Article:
As a result of this limitation, other blockchain elements have emerged to address this issue of privacy, mostly at a transactional level. Networks that utilise these elements can expand into the fundamental niche opened by privacy.
Quite simply, there are regions of the money niche that cryptocurrencies other than Bitcoin are better adapted to because Bitcoin’s limitations extend beyond privacy.
- Transaction output: In its pursuit of decentralisation, the Bitcoin protocol is very limited in terms of its transactional output (approx. 7 transactions per second) which will always be a source of high fees. Although second layer solutions are emerging (in the form of the Lightning Network) to address this, in its current form, bitcoin has not progressed from a store of value to a medium of exchange.
- Security model: Proof of Work (PoW) is argued to be the optimum security model for a cryptocurrency. One reason proposed is that miners are forced to sell their bitcoin in order to cover capital expenditure. This prevents them from hoarding it and thereby forming a monopoly, which is a strong critique of Proof of Stake (PoS) systems. Nevertheless there are arguments against PoW, including but not limited to excess energy expenditure and the viability of a fee-based economy once the block rewards expire.
Informing ID Theory’s Investment Themes
Bitcoin demonstrated that a blockchain protocol was sufficient to create a cooperative and mutually beneficial decentralised network . This was very well suited to fill the money niche.
I believe it to be the hardest form of money that has ever been invented. As it matures, it will be recognised as a viable store of value and inhabit a large portion of money’s fundamental niche.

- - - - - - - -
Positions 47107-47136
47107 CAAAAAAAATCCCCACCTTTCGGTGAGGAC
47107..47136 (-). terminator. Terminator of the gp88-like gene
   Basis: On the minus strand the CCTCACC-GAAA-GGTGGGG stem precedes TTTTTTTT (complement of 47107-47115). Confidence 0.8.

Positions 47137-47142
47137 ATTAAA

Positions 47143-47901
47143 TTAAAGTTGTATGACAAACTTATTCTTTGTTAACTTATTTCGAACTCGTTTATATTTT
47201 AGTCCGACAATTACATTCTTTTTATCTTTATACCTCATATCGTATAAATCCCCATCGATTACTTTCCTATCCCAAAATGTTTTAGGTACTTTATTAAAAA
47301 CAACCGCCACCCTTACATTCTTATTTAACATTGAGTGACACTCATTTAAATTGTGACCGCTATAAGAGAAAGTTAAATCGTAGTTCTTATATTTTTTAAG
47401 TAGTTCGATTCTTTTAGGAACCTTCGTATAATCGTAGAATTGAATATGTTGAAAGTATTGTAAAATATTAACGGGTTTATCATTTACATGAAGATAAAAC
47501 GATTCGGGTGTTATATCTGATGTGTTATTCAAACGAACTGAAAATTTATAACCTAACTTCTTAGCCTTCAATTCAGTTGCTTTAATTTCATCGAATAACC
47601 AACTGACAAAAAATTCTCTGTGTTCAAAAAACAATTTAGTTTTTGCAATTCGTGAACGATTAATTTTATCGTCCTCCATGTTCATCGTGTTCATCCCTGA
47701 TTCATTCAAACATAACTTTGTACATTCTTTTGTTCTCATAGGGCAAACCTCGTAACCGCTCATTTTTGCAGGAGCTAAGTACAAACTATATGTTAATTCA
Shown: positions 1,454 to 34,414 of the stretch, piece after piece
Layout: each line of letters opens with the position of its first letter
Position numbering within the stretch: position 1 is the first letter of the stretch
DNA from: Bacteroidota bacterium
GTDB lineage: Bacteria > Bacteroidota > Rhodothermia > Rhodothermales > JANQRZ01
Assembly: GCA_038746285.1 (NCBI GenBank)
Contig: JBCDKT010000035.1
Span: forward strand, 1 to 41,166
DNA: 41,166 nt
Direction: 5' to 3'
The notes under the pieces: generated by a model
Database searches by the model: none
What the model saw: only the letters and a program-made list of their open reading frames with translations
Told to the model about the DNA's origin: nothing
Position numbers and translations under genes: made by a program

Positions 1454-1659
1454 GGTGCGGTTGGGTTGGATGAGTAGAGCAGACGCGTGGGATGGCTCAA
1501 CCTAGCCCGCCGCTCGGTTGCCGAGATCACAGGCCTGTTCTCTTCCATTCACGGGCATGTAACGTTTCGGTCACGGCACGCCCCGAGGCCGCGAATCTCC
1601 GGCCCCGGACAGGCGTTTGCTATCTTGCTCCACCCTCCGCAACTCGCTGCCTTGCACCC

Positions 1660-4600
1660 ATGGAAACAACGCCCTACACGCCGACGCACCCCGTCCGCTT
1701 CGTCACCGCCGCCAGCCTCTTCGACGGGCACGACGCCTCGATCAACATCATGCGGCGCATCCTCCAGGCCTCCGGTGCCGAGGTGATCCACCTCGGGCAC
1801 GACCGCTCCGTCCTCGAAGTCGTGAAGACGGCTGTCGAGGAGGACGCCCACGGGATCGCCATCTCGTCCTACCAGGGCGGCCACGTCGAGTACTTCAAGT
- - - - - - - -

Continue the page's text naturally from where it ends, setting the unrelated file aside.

Base layer protocols such as Bitcoin, which have established a network effect, are unlikely to be displaced. This mirrors our use of internet protocols that were developed in the 70s, despite the availability of better protocols. In other words, Bitcoin is not going to be AltaVista’d or Myspace’d.
However, it should also not be forgotten that Bitcoin does not have good transaction capacity and is not a good medium of exchange. It primarily acts as a potential store of value and this leaves space for competition.
Another area of the money niche where Bitcoin could be out-competed is with regards to privacy. There are use cases whereby privacy is needed, and transaction data cannot be shared on an open readable ledger. Simply put, privacy coins will capture market share.
By identifying where Bitcoin’s limitations lie, it is possible to identify projects that may prosper where Bitcoin may fail. There are projects that are able to realise a portion of money’s fundamental niche that is unavailable to Bitcoin.
Continuing ‘On the Origins of Blockchains’
With four parts now complete, this series has laid the groundwork for understanding the potential of blockchain by outlining how blockchain elements (or genes) within a protocol can enable a decentralised network to dominate a fundamental niche.
In this piece, I looked at the example of Bitcoin and how it will increasingly be recognised as a dominant store of value. In the next piece, I will investigate the next generation of blockchains that have been enabled by smart contracts.
ID Theory may hold positions in some of the assets discussed in this post. This post is strictly for informational and educational purposes only and does not in any way constitute an offer or solicitation of an offer to buy or sell any investment or cryptoassets discussed herein. Always perform your own research and conduct independent due diligence prior to making any investment decisions.